Magazine article Artforum International

Hamish Fulton: Tate Britain. (London)

Magazine article Artforum International

Hamish Fulton: Tate Britain. (London)

Article excerpt

Hamish Fulton has sometimes been regarded as the poor man's Richard Long. Both artists attended St. Martin's School of Art in the late '60s, where they became friends. They simultaneously developed a new form of landscape art in which country walks and treks were documented using combinations of photographic image and printed text. But whereas Long made deft interventions in the landscape--most famously, making circles and lines of stones, which he subsequently recreated in the gallery--Fulton merely photographed what he saw and brought back no sculptural residue.

The impressive retrospective at Tate Britain proves that Fulton's is a distinctive, often powerful voice. Fulton may intervene less in the landscape than Long, but his work is far more vehement and confrontational. Nature is not something intimate that can be effortlessly realigned like chess pieces or children's building blocks; it is immutable and remorseless. Two recurrent images are large boulders and open roads. Boulders are frequently photographed in close-up so that they fill the whole image or the foreground of a panoramic shot. Touching Boulders by Hand, Portugal, 1994, documents an arduous seven-day walk through the Serra de Estrela in Portugal. A close-up photograph of a large, rotund boulder perched precariously on a mountaintop is accompanied by a caption that reads FROZEN GROUND NO PATHS NO TALKING. Fulton's ability to touch boulders "by hand" is an assertion of mastery but also of impotence in the face of the ungraspable and immovable. Indeed, the work evokes Sisyphus, who was condemned to push a boulder uphill forever because it always rolled down again when it reached the top.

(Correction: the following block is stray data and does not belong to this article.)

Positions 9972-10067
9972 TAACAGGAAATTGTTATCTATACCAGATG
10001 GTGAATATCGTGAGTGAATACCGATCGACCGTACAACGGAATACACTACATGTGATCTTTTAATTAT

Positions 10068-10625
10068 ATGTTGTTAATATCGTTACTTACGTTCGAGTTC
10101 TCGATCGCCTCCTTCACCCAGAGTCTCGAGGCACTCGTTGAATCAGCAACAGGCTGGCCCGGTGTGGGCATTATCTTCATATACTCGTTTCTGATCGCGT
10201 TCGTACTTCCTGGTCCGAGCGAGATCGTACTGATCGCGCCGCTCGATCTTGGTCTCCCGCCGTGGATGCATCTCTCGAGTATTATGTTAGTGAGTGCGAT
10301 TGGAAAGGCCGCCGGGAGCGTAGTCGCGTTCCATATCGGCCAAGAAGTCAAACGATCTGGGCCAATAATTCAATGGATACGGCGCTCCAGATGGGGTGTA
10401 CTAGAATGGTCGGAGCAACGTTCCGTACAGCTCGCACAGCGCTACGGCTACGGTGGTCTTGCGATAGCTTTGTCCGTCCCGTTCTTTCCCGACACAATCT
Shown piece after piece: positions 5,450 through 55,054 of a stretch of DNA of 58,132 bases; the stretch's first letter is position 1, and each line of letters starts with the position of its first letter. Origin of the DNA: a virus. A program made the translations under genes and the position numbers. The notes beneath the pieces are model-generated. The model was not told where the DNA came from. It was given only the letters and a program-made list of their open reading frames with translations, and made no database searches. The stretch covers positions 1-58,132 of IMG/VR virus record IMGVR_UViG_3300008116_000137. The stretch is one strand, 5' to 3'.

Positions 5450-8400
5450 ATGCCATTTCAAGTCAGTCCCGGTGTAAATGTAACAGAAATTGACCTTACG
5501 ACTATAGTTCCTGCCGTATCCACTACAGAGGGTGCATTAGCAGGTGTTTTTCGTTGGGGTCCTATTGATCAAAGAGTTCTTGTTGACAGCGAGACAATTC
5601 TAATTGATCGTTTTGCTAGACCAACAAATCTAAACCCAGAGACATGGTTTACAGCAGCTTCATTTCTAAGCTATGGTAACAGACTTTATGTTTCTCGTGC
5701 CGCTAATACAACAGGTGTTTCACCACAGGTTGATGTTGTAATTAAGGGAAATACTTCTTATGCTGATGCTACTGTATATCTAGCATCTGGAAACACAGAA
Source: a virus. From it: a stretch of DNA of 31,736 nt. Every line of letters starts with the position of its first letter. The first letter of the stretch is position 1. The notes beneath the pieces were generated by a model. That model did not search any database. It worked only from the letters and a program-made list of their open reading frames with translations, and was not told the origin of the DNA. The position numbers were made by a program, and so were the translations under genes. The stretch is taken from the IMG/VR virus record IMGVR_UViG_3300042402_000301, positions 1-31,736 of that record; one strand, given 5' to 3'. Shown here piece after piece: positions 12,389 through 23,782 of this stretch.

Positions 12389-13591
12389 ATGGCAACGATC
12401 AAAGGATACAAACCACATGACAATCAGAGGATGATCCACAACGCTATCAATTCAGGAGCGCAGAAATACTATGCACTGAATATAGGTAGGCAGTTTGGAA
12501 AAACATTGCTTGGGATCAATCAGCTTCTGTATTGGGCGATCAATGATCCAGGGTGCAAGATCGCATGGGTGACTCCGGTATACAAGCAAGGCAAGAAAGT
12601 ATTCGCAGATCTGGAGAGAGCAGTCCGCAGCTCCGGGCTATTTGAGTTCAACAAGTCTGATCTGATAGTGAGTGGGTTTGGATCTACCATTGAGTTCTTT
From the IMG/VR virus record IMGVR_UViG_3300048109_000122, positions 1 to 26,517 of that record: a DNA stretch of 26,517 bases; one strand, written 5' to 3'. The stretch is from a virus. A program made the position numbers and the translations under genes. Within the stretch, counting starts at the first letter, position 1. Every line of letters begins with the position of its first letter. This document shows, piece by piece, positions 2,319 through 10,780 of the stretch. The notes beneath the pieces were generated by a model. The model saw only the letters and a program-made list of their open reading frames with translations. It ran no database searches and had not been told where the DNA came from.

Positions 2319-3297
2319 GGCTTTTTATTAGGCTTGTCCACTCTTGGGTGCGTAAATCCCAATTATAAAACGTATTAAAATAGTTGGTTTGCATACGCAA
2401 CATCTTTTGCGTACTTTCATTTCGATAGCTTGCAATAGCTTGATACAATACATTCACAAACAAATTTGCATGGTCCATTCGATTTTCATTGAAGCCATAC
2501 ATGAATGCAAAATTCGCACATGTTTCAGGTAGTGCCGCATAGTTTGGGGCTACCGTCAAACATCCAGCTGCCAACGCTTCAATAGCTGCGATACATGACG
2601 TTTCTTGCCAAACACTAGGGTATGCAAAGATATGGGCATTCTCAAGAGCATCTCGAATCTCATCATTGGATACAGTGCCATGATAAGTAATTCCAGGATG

The most striking of Fulton's open-road pieces is a billboard-scale photographic wall work that depicts a bleak country road in Spain during the winter of 1990. …

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